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Over the past year or so, MS have been actively promoting the “fact” that Linux has a higher Total Cost of Ownership (TCO) than Windows. TCO refers to the costs other than the initial outlay, such as hiring more costly engineers — rather than the cheapest you can get hold of — and not having the great bastion that is MS tech-support.

How true this is, I don’t know. Personally, I doubt it. Downtime from viruses would be one factor I’d point my finger at and there are many others.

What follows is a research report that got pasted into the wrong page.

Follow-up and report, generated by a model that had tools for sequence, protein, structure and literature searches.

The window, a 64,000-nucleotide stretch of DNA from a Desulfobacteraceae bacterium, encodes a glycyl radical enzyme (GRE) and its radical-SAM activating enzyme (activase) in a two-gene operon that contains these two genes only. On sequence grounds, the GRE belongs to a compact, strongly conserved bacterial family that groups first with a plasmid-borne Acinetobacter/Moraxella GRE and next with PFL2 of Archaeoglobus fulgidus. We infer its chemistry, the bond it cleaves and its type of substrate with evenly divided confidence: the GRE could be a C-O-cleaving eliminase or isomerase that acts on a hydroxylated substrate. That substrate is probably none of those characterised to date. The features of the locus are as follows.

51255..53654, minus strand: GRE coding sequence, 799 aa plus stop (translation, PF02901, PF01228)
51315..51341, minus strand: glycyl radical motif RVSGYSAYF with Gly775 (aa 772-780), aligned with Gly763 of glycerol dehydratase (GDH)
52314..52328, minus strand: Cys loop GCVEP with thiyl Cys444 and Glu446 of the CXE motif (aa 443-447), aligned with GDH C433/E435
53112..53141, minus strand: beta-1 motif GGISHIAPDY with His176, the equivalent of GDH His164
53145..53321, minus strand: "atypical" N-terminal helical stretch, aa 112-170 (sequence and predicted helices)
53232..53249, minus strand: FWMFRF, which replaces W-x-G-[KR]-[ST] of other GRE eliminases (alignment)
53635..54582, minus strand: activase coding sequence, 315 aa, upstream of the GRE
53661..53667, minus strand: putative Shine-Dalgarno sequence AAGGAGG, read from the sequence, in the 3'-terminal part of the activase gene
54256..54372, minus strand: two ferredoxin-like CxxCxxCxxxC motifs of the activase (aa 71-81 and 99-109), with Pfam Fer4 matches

However, that is not the point of my post. The point is that Doug makes a point that accounting for IE’s various manifest CSS bugs probably accounts for a good 10% of each project he undertakes. This means that paying for support of MS’s browser means an extra 10% on your bills.

Now, I know that this post is by no mean scientific in the slightest. It just amused me somewhat that a company resting much of a recent agressive push on TCO inadvertently adds a margin of cost onto almost every commercial site produced. Something to mull over, IE team, when you’ve finished fixing up the security bugs. Best of luck, because web people everywhere are ready to welcome a standards-complient version of IE with open arms.